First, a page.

crazies in the store?


Apr 12, 2006
Lynden, WA
Over the past few weeks, a loud-spoken young man has stopped in my store several times, asking about framing prices for items he describes. He tells me that he's starting a business down the street, a kite store. The first time he came in, I wondered if he was developmentally disabled, and so I tried to be as polite and understanding as possible. Once I referred him to the Chamber of Commerce to regisister his business there, and since that time, the lady who runs our Chamber told me that he is not starting a business and that he is apparently manic depressive and (she told me) not taking his medication. She also indicated that the police are familiar with his name.

He was just in again and told me things like: when he was 16, he fell in love with a 24-year-old Chinese woman, that he had been to China, that he owned 10 houses around the country because he was a surfer, that he was a doctor but lost his license because he stole a Hollywood actor's car, that he was homeless at that time, that he drinks rice milk from the food bank, that he's the most educated member of his family, but they're all rich, that his own income is $460 a month, but his brother makes $2500 a month, (upon asking me if I was a Christian any my saying yes) that he was proud to be a Christian and it was the only way, that he was also "part Catholic," and that he also accepted Buddhism and Daoism, that he hated materialistic people, and that he himeself was all about making money, and was I an Aries? Was I married? How old was I?

He left when my dog started to bark, and I told him the dog was jealous because I was talking so long at the front of the store.

From time to time, people of varying levels of oddness come into my store and engage me in conversations about themselves and their problems. I generally don't worry much about my safety in my store because I'm in the retail area of a small town, with other business around me and lots of people walking by. On the other hand, I am a woman alone in a shop with a 16-pound pug-bichon mix as her only guardian.

Two questions: How does one gracefully end conversations with people whose rationality you start to doubt? I strive to be a kind and understanding person, but I also have work to do. And. . . if I become nervous about my own safety due to someone's presence in the store, are there any recommended ways to deal with the situation? This manic depressive fellow may be harmless; he hasn't seemed threatening in any way, but he makes me nervous.

I'm sure this can't be a unique situation. What do you other storekeepers do?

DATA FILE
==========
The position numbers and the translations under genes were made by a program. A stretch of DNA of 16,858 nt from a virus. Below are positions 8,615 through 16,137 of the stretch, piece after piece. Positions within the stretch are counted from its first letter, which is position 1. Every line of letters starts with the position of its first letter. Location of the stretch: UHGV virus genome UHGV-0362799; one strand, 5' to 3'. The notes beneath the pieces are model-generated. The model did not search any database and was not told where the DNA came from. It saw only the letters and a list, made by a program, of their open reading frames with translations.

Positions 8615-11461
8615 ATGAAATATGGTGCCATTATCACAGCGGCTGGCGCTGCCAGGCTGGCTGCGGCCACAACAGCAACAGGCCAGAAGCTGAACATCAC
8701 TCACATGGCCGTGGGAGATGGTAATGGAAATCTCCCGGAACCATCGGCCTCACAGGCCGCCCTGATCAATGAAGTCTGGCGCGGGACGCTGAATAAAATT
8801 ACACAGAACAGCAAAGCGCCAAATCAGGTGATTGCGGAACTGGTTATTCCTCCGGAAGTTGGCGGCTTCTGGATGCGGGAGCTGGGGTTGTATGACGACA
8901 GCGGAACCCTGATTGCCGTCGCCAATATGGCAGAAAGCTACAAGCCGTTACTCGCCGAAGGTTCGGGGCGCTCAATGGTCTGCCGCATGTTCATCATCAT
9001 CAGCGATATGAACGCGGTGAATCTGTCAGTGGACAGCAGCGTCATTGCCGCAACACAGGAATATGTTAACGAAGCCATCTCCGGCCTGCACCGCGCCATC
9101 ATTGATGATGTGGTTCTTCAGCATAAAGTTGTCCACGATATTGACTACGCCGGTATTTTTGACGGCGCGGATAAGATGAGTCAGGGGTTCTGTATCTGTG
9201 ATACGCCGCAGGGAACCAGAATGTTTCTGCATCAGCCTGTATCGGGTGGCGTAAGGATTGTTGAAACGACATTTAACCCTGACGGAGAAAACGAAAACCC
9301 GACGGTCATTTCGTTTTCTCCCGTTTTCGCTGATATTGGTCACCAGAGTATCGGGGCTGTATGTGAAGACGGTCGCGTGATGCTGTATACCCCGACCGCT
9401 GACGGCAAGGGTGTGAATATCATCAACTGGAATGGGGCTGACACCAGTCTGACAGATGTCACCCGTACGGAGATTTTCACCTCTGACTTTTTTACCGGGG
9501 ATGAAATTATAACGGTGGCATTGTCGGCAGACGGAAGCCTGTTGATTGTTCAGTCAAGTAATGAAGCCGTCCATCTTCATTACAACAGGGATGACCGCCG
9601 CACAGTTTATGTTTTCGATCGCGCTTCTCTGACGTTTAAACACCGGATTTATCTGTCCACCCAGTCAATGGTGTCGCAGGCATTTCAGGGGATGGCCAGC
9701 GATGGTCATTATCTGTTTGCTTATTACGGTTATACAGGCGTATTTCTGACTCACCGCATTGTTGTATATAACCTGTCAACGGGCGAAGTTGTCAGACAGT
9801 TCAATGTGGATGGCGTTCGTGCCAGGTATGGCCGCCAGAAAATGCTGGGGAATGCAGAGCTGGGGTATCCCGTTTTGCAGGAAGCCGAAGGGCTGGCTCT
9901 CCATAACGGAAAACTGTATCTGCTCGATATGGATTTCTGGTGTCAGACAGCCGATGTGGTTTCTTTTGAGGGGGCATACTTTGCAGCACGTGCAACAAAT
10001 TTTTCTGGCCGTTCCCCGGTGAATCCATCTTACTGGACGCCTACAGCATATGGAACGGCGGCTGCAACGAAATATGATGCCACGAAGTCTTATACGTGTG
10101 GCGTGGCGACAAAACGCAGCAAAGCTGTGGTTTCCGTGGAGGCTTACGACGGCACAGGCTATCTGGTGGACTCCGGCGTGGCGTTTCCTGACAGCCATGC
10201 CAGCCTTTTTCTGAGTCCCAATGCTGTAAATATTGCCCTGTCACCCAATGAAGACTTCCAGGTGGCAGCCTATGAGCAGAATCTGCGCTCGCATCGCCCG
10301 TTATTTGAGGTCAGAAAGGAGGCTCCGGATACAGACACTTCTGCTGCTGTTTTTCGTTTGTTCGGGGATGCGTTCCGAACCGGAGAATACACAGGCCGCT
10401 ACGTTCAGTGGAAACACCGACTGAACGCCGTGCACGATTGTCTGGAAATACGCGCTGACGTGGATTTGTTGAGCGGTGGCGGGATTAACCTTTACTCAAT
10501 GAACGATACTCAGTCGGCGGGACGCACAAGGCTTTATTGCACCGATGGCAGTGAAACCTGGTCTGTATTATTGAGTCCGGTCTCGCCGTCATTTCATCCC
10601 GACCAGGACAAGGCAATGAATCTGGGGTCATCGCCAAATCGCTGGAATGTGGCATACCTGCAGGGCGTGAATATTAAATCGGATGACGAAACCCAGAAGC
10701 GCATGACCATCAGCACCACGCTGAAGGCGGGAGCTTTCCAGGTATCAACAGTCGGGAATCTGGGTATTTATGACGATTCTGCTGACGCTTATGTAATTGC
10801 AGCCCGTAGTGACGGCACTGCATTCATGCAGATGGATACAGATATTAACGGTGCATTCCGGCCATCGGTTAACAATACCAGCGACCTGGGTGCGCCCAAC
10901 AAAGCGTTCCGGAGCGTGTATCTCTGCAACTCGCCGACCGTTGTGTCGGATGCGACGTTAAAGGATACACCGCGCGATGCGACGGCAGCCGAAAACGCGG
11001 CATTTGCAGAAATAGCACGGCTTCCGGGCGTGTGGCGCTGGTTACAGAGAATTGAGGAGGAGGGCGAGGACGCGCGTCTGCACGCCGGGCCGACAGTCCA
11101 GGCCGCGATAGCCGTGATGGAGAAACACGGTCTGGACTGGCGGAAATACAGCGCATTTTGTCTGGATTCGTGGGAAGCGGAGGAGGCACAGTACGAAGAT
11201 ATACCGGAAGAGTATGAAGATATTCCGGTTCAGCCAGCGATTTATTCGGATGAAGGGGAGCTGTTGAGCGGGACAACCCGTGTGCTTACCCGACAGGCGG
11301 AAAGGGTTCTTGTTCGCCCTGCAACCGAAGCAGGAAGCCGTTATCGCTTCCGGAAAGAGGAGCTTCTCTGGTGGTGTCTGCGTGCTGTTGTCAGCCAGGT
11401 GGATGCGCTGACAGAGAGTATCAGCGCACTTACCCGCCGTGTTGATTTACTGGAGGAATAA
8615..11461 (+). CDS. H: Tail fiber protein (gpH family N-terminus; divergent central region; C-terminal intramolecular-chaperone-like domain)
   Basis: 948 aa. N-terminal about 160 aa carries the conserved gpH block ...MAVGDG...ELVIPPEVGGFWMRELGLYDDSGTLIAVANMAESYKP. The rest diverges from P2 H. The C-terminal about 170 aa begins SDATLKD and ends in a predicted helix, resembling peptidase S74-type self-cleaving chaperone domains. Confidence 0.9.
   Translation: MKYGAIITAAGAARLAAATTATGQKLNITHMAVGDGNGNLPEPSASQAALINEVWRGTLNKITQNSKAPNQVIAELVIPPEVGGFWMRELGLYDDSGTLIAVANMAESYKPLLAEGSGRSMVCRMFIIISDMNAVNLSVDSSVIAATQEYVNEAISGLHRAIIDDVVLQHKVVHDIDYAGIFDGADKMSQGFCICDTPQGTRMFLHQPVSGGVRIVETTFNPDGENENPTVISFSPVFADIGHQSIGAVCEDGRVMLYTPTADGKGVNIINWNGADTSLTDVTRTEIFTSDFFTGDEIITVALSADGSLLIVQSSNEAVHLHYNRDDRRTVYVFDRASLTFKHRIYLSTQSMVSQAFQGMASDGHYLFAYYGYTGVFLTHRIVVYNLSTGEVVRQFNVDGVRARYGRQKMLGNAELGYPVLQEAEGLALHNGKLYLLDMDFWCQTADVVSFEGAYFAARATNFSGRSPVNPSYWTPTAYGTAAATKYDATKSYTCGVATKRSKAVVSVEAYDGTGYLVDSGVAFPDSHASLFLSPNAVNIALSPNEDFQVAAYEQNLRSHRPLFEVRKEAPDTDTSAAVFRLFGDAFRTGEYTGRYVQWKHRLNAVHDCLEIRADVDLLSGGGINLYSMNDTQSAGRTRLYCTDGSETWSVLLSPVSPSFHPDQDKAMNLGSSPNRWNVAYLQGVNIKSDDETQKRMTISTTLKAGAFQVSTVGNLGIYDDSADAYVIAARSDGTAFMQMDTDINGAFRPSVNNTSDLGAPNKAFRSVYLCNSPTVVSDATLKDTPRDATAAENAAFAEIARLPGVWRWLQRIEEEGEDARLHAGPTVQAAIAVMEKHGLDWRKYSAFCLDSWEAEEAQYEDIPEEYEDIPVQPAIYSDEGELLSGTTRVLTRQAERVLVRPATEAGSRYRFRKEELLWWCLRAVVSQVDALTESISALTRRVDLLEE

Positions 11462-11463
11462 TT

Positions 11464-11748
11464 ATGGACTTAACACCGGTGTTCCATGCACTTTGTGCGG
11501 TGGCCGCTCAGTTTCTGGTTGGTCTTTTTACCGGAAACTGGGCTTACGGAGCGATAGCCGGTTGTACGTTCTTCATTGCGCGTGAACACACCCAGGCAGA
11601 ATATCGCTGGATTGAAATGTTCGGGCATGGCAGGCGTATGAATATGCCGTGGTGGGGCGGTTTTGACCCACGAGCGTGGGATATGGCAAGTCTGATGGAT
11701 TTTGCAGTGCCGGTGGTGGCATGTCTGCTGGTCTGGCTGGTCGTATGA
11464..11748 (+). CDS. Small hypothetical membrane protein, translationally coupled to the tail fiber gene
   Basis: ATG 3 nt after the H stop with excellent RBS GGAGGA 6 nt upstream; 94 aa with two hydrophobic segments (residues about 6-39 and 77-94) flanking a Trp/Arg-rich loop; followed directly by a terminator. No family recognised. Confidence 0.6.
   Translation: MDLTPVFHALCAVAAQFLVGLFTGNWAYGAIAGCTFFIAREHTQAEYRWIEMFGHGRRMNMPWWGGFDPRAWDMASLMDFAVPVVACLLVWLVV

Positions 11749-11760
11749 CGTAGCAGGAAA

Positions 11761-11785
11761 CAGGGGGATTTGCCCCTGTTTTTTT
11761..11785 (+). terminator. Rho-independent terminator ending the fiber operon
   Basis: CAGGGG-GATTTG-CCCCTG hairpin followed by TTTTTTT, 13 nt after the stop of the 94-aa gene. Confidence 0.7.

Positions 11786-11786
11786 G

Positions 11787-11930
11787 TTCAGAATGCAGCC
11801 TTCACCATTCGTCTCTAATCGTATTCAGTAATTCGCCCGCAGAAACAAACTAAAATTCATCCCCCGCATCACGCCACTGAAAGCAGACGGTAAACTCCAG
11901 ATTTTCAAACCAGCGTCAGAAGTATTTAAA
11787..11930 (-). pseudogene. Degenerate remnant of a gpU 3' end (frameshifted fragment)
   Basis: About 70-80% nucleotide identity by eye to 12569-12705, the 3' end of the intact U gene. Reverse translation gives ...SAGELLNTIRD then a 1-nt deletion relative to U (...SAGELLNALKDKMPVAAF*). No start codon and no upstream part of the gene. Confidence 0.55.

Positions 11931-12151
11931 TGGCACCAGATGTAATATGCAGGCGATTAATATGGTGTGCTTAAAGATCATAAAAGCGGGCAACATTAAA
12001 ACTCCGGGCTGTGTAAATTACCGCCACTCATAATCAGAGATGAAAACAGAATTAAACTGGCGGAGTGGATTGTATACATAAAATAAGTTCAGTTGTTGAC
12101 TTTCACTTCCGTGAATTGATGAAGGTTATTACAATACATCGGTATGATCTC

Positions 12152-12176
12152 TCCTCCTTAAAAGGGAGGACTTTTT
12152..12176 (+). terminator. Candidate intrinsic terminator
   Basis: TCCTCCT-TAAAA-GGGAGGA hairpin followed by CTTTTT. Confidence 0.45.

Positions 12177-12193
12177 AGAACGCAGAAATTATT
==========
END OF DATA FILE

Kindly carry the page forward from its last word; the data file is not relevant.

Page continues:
The last truly crazy I had in my store, I just asked him to leave. He stood there and gave me this weird smile. About then, Mary came out from the back and asked him if he needed help. He just stared at her with the same weird smile. After about 30 or 40 seconds of this I just told him he had to leave. He just stood there.

I got as threatening as I could make myself look and walked around the counter and headed straight for him. He decided that it was, indeed, time for him to mosey on.

I followed him out on to the sidewalk, thankfully, he kept on walking. I'm just way to old to kick some young crazies butt. I'd probably just pull something, or worse yet, get my own butt kicked. He never did come back.

Don't underestimate the crazies.

Years ago, I stepped out to have lunch with my wife in the next block, leaving a very capable employee in charge. Before our lunches had even arrived at the table, I got a call that I might want to return to my store.

I stepped out of the restaurant to find the street closed and a SWAT team surrounding my store. (I didn't know Appleton HAD a SWAT team.)

The disturbed individual who caused all the commotion didn't hurt anyone, but he scared the crap out of my employee.

At some point, I started keeping a very large dog in the store. His role was certainly not that of guardian and protector, but I never met anyone crazy-enough to threaten anyone that dog cared about.

Try not to be too obvious about it if you work alone. The predator who scared my employee waited until he knew she was alone.

Also, make friends with your neighbors. The woman who called the police, and then me, worked at the typewriter shop next door.
wow! hey, a simular thing like this happened to me too!! after a few unwanted visits I learned to auto-dial my shop on my cell phone (concealed in my pocket) and usually that would be exuse enough to shoo away the guy...eventually he stopped coming around because it "seemed" I was always SO BUSY! hehe...
But I understand how it feels being alone in a shop and some weirdo tries to chat up an afternoon! If that doesn't work, definitely notify the police and they will have a talk with the guy!
If the problem is not someone who's dangerous to your personal safety, but someone who wants to stand around a chat all day (which is dangerous to your bottom line) you really HAVE to learn to say, "I'm really sorry, but I need to get back to work."

There are intelligent people who truly don't understand that we don't get paid to just show up at the shop every day. At some point, we actually have to frame something.

Otherwise, sic the dog on 'em.
There's one particular guy in town who creeps me out. He doesnt' come often - but I've been told that he's been charged before with exposing himself to people and stuff.

When he comes in I really try to look very busy and just say hello and go about my business.

Don't give him any more info about yourself - just say "hmmm - I like to keep that kind of thing to myself" and try the "I'm very busy - lots to do today!!" thing.

We were only open for a few months when a porn shop moved in next door to us - same building - two stores- and we thought that we would be innundated by all kinds of creeps and weirdo's. The truth was that we had great fun at times watching the comings and goings (some people who shocked us!) and for the most part people really wanted to get in and out without being noticed so they were seldomly seen! LOL!! We did have the occasional weirdo in but not too many. More just annoyances because they'd come to our store first and ask pointless questions and then when the coast looked clear they'd run out the door and into the porn shop.

Luckily there are usually two of us in the store together - but it can be kind of creepy sometimes.
Very nice post Mark. Boundaries are important, kindness even more so. Madness is not a choice, it is a tragic illness. And hey, many "crazies" do have a lot of cash, earned it too ;)